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China blocks WhatsApp in latest online crackdown: report
China is blocking the messaging app WhatsApp ahead of a large Communist Party meeting slated for October, according to The New York Times.
Next month, Beijing will host the Communist Party's congress in order to choose its leadership, an event that occurs once every five years. President Xi Jinping is expected to maintain his spot, but it's still unclear who will accompany him on the Standing Committee of the Politburo, the Communist Party's highest-ranking group.
"Losing contact with my clients, forced back to the age of telephone and email for work now," one user, cited by The New York Times, complained on Weibo, a Chinese digital platform similar to Twitter.
"Even WhatsApp is blocked now? I'm going to be out of business soon," another person wrote on Weibo, according to the Times.
Beijing's latest move is another blow for Facebook, the owner of WhatsApp, which has been pushing to re-enter the Chinese market after the social media website was banned in 2009. WhatsApp had worked in the country until July, when the government censored the app with its "Great Firewall" internet censorship system.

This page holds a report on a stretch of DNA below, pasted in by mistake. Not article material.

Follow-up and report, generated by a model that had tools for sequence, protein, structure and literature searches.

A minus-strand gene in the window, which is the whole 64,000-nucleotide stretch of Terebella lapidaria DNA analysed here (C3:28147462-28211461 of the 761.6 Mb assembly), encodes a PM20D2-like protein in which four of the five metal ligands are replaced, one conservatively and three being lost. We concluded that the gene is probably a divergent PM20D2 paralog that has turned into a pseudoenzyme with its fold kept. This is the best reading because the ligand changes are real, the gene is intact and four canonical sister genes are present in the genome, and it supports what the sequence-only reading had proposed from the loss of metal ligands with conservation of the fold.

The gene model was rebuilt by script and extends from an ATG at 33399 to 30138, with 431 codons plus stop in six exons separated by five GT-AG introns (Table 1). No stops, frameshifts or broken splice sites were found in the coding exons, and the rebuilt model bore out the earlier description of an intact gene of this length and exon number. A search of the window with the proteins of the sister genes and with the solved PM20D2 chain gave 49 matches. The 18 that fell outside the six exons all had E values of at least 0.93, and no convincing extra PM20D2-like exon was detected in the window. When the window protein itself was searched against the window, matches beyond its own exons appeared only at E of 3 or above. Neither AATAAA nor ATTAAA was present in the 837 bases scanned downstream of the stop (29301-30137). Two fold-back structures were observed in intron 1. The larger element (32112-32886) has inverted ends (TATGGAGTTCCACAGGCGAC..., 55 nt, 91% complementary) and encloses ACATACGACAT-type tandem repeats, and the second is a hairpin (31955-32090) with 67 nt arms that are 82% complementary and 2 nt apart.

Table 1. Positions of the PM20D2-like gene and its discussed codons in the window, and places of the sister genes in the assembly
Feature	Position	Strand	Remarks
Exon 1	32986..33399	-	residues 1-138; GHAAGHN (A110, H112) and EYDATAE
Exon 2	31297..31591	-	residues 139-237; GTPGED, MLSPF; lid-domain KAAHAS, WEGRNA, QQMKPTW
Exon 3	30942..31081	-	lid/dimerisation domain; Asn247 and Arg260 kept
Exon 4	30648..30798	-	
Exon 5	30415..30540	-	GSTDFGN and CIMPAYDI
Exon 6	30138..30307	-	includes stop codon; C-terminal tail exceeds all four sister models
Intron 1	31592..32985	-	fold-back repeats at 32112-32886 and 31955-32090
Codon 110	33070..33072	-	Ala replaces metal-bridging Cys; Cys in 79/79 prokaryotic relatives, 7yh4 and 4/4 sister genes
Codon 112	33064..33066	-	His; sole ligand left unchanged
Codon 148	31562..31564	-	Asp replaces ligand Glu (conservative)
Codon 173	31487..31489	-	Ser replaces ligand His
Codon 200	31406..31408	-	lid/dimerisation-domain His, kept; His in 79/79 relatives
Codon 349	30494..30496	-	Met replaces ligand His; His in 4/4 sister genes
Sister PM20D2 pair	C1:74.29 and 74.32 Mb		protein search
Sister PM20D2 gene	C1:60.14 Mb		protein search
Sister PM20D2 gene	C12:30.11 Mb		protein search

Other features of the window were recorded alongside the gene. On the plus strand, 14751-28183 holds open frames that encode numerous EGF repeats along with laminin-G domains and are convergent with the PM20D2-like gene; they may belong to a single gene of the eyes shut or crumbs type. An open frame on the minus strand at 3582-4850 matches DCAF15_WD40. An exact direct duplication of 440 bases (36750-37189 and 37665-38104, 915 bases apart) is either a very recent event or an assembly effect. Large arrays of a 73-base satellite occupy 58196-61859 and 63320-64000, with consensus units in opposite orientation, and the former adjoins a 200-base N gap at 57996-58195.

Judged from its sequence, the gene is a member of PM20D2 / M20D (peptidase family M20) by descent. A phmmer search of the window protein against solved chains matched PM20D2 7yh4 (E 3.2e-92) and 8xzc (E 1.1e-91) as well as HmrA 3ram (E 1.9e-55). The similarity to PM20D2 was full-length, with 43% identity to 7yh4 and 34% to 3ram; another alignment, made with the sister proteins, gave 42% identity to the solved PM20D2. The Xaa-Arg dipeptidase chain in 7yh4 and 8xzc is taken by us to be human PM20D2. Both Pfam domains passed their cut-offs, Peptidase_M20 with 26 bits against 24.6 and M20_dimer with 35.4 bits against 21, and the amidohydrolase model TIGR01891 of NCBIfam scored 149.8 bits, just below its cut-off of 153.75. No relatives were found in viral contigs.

At the time, censorship of WhatsApp was limited to photos, video, audio chats file-sharing and voice chats. Users could still send text communications and the restrictions were lifted after several weeks, according to the Times. Now, however, WhatsApp users in China can no longer send texts, though the app is partially accessible to some users in some parts of the country.
Experts say part of the reason WhatsApp may not have been previously blocked was because China didn't have the ability to block end-to-end encryption, which is what the app provides. Experts think the Chinese government now has that ability, according to the newspaper.
The ban has pushed many users to switch to WeChat, a less secure messaging app in China, which the government can more easily monitor.